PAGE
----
St. Joseph of Arimathea
We all recognize Joseph of Arimathea as an influential, if at first timid, disciple of Christ. All four gospels refer to him.
Evidently a native of Arimathea (Rathamin) in the Judean hills, he was a resident of Jerusalem during Jesus’ preaching career. A wealthy man, he had ordered a tomb to be carved for himself in the outcroppings of rock just outside the eastern wall of the Holy City. Joseph was a member of the Jerusalem council, the Sanhedrin; but, as St. Luke tells us, he did not approve of the council’s action in condemning Christ to death (24:51). As a matter of fact, he was himself a follower of the Messiah, although, while Jesus lived, a secret one “for fear of the Jews” (Jn 19:38). When Jesus was dead, however, this worthy man threw off his fears and boldly asked Pilate for the Savior’s body. He and another secret disciple, Nicodemus, removed the body from the cross and laid it to rest in Joseph’s new tomb. The tomb thereafter became so sacred that apparently neither Joseph nor anybody else used it afterward.
St. Luke calls this man “a virtuous and righteous man”–terms of high praise (Lk 23:50). However, this is the last time that he is mentioned by the four evangelists. It is perhaps inevitable that he, like the other faithful disciples closest to our Lord, should at length be given the title “saint.” He is venerated as such in both the Eastern and the Western Churches.
Legend has attributed to St. Joseph an adventurous life after the Resurrection. The apocryphal (forged) “Gospel of Nicodemus”, dating from the second or third century, alleges that the leaders of the Jews imprisoned Joseph for his part in the burial of Christ, and were ready to execute him. But the risen Christ appeared to him and released him from prison.
The most startling legends of Joseph, however, date from the 13th century, and center around the famous Benedictine monastery of Glastonbury in Somersetshire, England. These legends claim that St. Philip the Apostle preached the Gospel in Gaul (France), with Joseph the Arimathean as his associate. From Gaul, Philip then sent 12 of his clerics to England under Joseph’s direction, to establish a monastery at Yniswitrin (later called Glastonbury). Philip later sent 150 other Christians over to Britain. They crossed the channel miraculously, borne on the shirt of Josephus, the son of Joseph! It was at Glastonbury that St. Joseph died and was buried.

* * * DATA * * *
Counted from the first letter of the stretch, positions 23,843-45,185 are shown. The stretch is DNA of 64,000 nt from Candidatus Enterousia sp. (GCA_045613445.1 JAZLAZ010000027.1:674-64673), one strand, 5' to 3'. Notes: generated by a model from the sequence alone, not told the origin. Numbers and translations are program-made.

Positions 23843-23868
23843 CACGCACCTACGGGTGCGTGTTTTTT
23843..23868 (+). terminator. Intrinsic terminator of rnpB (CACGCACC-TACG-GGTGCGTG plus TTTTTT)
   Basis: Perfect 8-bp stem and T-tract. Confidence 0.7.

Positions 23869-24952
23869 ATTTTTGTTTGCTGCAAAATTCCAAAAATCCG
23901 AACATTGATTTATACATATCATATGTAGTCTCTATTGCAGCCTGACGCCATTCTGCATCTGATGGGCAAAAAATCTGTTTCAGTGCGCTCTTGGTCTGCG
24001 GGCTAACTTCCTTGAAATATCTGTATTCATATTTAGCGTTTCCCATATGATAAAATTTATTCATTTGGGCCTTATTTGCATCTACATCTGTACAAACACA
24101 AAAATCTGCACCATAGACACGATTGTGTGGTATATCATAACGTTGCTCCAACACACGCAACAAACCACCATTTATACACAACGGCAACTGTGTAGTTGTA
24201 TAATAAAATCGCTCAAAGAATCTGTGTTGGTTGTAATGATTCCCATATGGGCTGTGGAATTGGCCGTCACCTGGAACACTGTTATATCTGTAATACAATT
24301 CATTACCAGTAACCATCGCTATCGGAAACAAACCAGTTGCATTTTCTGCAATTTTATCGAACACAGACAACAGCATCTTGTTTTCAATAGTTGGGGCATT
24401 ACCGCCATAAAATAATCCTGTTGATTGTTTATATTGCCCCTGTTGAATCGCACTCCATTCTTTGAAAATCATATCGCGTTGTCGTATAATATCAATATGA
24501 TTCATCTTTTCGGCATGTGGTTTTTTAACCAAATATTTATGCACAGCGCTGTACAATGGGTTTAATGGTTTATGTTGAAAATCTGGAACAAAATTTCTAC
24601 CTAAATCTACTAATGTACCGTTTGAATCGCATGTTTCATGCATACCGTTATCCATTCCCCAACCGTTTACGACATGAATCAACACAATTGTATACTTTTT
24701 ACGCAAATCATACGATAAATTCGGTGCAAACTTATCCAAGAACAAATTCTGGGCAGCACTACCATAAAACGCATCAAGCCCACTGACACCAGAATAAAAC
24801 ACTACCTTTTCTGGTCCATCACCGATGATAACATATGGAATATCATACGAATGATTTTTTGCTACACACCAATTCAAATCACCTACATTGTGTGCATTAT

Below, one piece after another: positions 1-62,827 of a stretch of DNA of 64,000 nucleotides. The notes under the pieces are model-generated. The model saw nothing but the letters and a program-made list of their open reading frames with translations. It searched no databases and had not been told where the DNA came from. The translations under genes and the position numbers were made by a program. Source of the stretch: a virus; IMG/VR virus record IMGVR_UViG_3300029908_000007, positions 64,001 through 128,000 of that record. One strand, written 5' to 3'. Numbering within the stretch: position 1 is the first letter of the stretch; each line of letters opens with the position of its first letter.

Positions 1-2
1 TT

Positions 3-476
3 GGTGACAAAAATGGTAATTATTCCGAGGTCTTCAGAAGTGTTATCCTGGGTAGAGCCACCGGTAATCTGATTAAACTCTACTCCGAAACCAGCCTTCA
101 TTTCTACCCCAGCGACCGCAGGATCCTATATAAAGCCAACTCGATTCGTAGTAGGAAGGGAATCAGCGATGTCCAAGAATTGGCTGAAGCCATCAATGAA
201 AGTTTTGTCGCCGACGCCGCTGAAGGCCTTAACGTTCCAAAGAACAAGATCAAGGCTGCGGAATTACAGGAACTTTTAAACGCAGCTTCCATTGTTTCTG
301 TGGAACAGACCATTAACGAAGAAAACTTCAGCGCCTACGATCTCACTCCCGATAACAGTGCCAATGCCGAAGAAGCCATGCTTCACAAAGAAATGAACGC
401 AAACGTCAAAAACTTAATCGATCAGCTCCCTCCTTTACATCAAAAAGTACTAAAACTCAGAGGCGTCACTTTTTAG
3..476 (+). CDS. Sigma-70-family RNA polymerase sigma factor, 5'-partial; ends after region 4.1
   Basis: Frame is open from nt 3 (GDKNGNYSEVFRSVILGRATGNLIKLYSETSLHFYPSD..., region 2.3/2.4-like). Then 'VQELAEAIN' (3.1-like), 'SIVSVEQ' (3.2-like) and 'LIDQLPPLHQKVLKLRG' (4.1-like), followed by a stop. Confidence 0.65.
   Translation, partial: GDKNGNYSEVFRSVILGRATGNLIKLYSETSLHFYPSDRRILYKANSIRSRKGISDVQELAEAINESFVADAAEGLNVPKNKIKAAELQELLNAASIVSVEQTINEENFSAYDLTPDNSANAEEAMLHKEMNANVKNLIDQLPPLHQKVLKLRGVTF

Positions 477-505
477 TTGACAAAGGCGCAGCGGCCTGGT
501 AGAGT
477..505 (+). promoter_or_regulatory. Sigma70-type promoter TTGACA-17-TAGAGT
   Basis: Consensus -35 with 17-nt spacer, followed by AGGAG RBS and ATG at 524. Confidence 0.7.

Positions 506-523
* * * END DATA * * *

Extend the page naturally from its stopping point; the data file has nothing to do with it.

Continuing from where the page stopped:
When Joseph approached Yniswitrin, says another legend, and sat down to rest, he plunged his hawthorn staff into the ground. The thornwood took root and grew at length into a tree whose blossoms flowered each Christmas Day. So popular was this tree among pilgrims to Glastonbury, that the English Puritans, considering it idolatrous, cut it down around 1649. By then, however, many devout persons had taken shoots from the original hawthorn and grown them into independent trees. These do blossom yearly on December 25.
The legend of this early Christian mission to England also became associated with the romance of the Holy Grail, and thus with the cluster of tales centering on King Arthur and the Round Table. The Holy Grail purported to be either the dish from which Jesus ate or the cup from which he drank at the Last Supper. Joseph of Arimathea was said to have gathered the Precious Blood on Calvary in this grail. Ultimately, says the romance, the vessel was carried to England by Joseph or by one of his kin. Like all such romantic fantasies, however, the grail story has many inconsistencies.
Furthermore, the historians of Britain for its first 11 centuries make no mention at all of Joseph of Arimathea’s supposed visit to the British Isles, nor do the annals of Glastonbury Abbey make any mention of the Holy Grail until 1400. Therefore, although like most romantic fiction, the tale of Joseph’s coming to Glastonbury was widely accepted, it has no real historical foundation.
The important fact remains: St. Joseph of Arimathea served Jesus well, and for that he deserves to be venerated as a saint in the Christian Church.
--Father Robert F. McNamara